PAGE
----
I was wondering where the term 'button-down' comes from. I tried to do some research but I was not very successful...

How was the word button-down formed? Is it a compound ?

Does it originate from the noun "button", which then became the verb "to button" meaning to fasten? Then, how did it become an adjective ?

If the adjective "button-down" originates from the verb "to button (stg) down", shouldn't the adjective be "buttoned-down"? If so, how did it change to become only "button-down" ?

I looked up etymonline and the online merriam-webster but could not find any answer.

Can anybody answer this ?

  • 1
    A certain type of men's formal shirt has the collar tabs buttoned to the shirt, making a tunnel for the tie. These are called "button-down collars". They were fashionable among American bureaucrats and other office professionals for a while, and they became a symbol of bourgeois conformity. Cf. "The Button-Down Mind of Bob Newhart", a standup comedian of the times (1961). Mar 31, 2014 at 18:58
  • 1
    @John Lawler That is the answer for 'button'down'. But I am wondering if the OP needs to know about 'buttoned-down' which is used in a far wider, and figurative sense. Also there may be some confusion with 'batten down', as in 'batten down the hatches', often used metaphorically to mean to prepare one's defenses against outside forces. Please could the OP confirm if further help with these terms is needed.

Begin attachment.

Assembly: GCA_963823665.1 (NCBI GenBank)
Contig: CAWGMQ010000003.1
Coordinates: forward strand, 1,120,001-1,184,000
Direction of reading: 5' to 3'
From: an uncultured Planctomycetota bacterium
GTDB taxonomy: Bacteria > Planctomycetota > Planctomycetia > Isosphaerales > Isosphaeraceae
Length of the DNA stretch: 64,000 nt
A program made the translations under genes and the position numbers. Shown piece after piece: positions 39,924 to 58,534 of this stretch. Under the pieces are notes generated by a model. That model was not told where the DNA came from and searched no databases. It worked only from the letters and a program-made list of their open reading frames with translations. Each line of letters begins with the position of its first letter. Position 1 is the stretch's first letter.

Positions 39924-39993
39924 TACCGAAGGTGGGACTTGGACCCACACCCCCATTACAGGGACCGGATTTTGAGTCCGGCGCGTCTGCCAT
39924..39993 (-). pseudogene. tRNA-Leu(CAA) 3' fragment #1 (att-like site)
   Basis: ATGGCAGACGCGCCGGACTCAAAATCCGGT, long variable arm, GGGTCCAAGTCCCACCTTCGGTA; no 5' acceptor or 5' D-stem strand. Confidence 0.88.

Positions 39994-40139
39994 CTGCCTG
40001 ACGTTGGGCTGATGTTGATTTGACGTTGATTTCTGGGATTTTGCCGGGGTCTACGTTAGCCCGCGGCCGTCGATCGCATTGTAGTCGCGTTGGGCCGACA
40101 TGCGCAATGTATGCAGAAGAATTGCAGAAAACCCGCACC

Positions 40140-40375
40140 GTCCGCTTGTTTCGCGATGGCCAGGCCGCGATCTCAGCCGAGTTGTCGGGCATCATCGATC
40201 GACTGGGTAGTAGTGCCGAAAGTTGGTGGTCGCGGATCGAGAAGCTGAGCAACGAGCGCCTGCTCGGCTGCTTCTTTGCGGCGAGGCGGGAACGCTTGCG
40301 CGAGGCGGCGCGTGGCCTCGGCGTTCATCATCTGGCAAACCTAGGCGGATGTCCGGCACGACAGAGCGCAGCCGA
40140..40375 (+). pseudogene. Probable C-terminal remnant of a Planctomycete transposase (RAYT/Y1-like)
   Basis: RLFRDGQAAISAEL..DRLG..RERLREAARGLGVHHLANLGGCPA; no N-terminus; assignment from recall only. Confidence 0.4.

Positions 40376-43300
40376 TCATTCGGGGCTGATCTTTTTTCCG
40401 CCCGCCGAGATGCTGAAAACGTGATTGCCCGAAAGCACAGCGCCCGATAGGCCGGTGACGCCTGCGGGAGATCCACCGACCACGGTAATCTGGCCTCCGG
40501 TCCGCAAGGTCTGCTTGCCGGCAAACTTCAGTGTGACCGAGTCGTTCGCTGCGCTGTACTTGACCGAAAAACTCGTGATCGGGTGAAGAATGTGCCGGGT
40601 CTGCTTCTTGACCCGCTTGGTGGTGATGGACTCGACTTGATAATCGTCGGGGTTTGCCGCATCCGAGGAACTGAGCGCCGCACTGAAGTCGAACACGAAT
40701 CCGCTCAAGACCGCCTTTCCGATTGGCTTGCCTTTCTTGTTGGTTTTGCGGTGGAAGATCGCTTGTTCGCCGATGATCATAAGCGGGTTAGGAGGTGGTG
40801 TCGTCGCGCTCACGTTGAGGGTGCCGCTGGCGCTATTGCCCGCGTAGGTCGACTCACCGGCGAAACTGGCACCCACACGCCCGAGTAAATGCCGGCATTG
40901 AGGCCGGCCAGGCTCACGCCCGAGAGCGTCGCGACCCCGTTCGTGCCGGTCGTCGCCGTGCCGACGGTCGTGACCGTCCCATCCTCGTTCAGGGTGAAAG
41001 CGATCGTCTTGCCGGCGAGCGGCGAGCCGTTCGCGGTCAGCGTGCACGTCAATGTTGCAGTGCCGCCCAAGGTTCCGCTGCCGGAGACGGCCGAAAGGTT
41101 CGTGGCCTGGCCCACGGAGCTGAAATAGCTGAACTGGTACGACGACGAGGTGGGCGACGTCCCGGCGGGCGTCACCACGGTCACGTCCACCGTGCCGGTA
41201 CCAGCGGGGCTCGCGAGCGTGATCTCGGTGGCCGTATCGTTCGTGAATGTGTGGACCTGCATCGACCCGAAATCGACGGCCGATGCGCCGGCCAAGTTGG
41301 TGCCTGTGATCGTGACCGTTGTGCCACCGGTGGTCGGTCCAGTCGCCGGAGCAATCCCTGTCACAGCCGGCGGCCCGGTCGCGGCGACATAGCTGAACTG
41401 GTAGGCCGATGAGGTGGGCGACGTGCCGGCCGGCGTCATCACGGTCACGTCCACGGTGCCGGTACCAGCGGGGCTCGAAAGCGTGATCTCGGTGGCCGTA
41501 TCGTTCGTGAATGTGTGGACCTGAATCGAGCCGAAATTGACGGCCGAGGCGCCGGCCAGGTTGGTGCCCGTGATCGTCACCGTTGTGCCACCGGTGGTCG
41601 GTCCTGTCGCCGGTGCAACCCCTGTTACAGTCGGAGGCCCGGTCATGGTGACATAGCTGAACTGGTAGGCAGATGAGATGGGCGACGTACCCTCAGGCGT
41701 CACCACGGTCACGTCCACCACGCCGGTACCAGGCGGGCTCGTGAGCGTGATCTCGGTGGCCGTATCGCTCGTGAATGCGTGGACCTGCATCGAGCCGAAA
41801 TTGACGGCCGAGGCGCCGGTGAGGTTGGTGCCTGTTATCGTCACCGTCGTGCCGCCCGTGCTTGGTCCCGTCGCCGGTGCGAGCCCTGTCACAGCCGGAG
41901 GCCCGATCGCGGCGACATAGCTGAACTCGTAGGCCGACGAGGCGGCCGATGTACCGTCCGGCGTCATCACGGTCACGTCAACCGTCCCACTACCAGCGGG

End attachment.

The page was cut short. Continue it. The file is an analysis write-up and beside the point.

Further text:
– WS2
    Mar 31, 2014 at 20:11
  • 3
    Button-down is a normal shortening for a participial adjective; i.e, it means the same thing as buttoned-down, just like soft-shell crab means the same thing as soft-shelled crab. It's almost impossible to pronounce buttoned-down without merging the /d/ at the end of buttoned with the /d/ at the beginning of down. So we mostly never try. Mar 31, 2014 at 20:19
  • Are the collars etymologically significant? When I use the word it's for the placket. I use button-down in contrast with pullover, tee, cardigan, and such. But that could be a later usage. Mar 31, 2014 at 20:37
  • I had actually understood the meaning of "button-down", what I fail to understand is its formation and origin. Is "button-down" a compound? if I understand well, "button-down" has the exact same meaning as "buttoned-down" and either could be used in any situation? Is "button-down" more used just because it is easier to pronounce ?
    – Charlie
    Mar 31, 2014 at 20:38

3 Answers 3


Merriam-Webster Online's definition explicitly associates button-down with collars:

1 a of a collar : having the ends fastened to the garment with buttons b of a garment : having a button-down collar

2 or buttoned-down : conservatively traditional or conventional; especially : adhering to conventional norms in dress and behavior [button-down businessmen]

and it dates the first known use of the adjective to 1934. However, a Google Books search demonstrates that the usage is at least 18 years older.

From an ad for Wolff's Shirt Shops, in The Yale Literary Magazine (February 1916):

"B 366" "The Student" This Shirt has been voted upon the men of all Leading Colleges "THE SHIRT." The above cut portrays its exactness—it is made of a High Grade Birdseye White Oxford, has a long deep pointed button down Collar with soft French Cuffs,

From Northwest Catalog Co. [Minneapolis, Minnesota], Catalog (1918) [snippet]:

White Summer Shirt 27B4730—Men's shirt made of fine white pongee with watch pockets, turnover button-down collar, imitation French cuffs, cut coat style button over five pearl buttons, cut full and roomy, and is a cool, comfortable summer shirt that can be